Darwin Rethought

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Darwin’s theory of evolution claims that the fittest will survive. What is meant by the “fittest”?

 Life is full of problems. We face them in our personal and professional lives. Problems never end because what generates them is continuous and constant: change.  If we analyze our problems, they reveal our weaknesses. If a problem can be handled using our strengths, it is not a problem. It is merely a challenge, a task to do.

 Consider your problems as a testing ground to see if you are strong or weak. Every problem we encounter in life is an invitation to learn and improve. Those that do not rise to challenge the problems, and in the process learn how to improve themselves, eventually perish. Why? Change is ongoing and new problems will come to face them. If they did not learn how to control or mobilize others to solve the problem, since the problem was not handled, it eventually becomes a debilitating crisis. Those that have the guts, the determination, the strength of character, and the willpower to address their problems and do not fear to learn and change, survive and thrive.

 So, what does survival of the fittest mean? It means that an organism can handle change successfully and, from problem to problem, it becomes stronger and stronger. It learns and applies what it has learned.  Success is not how little you fall. It is how fast you get up. If you learned from your fall, over time, you fall less and get up faster. That is why you are fit and the other who is still on the ground, not getting up, the one who has not learned anything new from his “fall” will perish.

 I can tell how big a person is by how big the problems are that they are tackling. Small people worry about who owns which car. They concern themselves with the rumor of the day. Big people worry about the next generation, about the quality of children’s education. Since energy is fixed, in order to handle big problems, you need to solve or remove the small problems first. You need to continuously learn and grow.

 A marriage will have problems from time to time. Analyze those problems. They are challenging your weaknesses and impacting your mindset. The feeling of not being able to easily solve a problem because of your weaknesses might even make you angry with the person with whom you are having the problem. You might accuse them of causing the problem although — think about it — it is not their fault you have a weakness.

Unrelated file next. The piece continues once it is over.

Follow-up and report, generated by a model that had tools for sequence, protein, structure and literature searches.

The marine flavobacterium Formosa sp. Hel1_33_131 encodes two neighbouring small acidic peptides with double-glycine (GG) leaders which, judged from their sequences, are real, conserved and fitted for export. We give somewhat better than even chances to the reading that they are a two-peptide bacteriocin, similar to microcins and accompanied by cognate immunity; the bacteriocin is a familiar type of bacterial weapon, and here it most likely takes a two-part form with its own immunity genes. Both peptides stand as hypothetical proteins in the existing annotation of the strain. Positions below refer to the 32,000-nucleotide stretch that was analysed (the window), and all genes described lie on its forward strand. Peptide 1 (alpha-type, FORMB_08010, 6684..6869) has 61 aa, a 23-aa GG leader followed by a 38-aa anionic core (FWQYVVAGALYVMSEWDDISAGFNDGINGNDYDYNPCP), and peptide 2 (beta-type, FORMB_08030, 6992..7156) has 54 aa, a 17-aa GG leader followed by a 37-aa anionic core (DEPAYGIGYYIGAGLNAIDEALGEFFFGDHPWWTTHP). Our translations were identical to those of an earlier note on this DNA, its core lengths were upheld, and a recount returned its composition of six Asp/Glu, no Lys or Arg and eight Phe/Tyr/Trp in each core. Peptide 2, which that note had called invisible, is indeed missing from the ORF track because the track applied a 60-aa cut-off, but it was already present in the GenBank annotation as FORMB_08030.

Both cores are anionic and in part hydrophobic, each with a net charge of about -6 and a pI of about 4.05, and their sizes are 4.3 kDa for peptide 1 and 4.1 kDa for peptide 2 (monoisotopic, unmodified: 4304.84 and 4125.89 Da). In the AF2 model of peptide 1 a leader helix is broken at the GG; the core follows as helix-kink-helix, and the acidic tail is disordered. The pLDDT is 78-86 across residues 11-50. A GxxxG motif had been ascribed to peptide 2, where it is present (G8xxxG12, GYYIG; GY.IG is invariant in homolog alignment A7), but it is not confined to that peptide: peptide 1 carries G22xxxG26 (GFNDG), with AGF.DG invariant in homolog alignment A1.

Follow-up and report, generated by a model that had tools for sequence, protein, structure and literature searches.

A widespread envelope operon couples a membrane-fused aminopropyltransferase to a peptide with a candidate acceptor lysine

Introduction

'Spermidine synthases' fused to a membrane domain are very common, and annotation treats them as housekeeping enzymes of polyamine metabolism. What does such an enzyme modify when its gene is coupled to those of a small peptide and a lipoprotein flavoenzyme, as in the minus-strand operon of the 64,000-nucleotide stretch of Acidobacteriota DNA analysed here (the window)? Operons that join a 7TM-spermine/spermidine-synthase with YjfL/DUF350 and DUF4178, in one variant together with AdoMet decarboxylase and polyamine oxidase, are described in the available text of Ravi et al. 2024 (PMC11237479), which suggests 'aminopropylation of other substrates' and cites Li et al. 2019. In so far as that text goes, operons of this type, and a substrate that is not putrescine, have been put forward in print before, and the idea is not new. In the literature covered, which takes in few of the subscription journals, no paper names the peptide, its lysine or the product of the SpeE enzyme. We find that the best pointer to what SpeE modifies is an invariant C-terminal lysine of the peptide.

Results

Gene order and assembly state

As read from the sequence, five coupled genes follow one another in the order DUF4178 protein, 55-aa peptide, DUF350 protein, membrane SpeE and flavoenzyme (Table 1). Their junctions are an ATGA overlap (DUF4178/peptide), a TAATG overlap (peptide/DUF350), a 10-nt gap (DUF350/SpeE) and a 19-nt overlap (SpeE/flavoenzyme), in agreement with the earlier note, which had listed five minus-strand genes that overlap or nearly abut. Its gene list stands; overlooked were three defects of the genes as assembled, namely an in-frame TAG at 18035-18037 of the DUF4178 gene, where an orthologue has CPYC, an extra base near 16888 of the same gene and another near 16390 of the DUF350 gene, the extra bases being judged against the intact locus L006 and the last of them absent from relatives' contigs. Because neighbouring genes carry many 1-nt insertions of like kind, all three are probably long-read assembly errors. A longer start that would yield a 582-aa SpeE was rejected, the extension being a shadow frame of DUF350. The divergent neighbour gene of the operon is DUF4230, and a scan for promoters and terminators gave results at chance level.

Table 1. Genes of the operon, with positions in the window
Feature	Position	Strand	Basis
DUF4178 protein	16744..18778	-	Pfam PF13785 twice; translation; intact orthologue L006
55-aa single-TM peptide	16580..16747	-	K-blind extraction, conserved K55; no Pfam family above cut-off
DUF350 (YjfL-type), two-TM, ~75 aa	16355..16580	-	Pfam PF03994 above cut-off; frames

How should you address the problem? Perceive it as an invitation to strengthen your weaknesses. Are you able to grow, to strengthen yourself, and to become a better person? See your counterpart, as an “ezer ke neged.” This expression from a Jewish prayer, ezer ke neged, means helpful against. You strengthen your muscles when you push against something. When you have a challenging experience with your counterpart, consider them helpful; By exerting force against you, they are giving you a chance to strengthen your weaknesses. To learn and to change.

 We have no problems in life. We have challenges in life. We are challenged to improve and become stronger. Stronger means, “Did you learn what the problem you had was supposed to teach you?” If you did not learn, then you will repeat the class. The problem, left unsolved, will reappear in a different form, but the lesson to be learned will be the same.

 The fittest are those who do their best to solve problems and do not live in denial, and in doing so become stronger; The ones who continuously learn, and implement what they have learned.

Written by
Dr. Ichak Adizes
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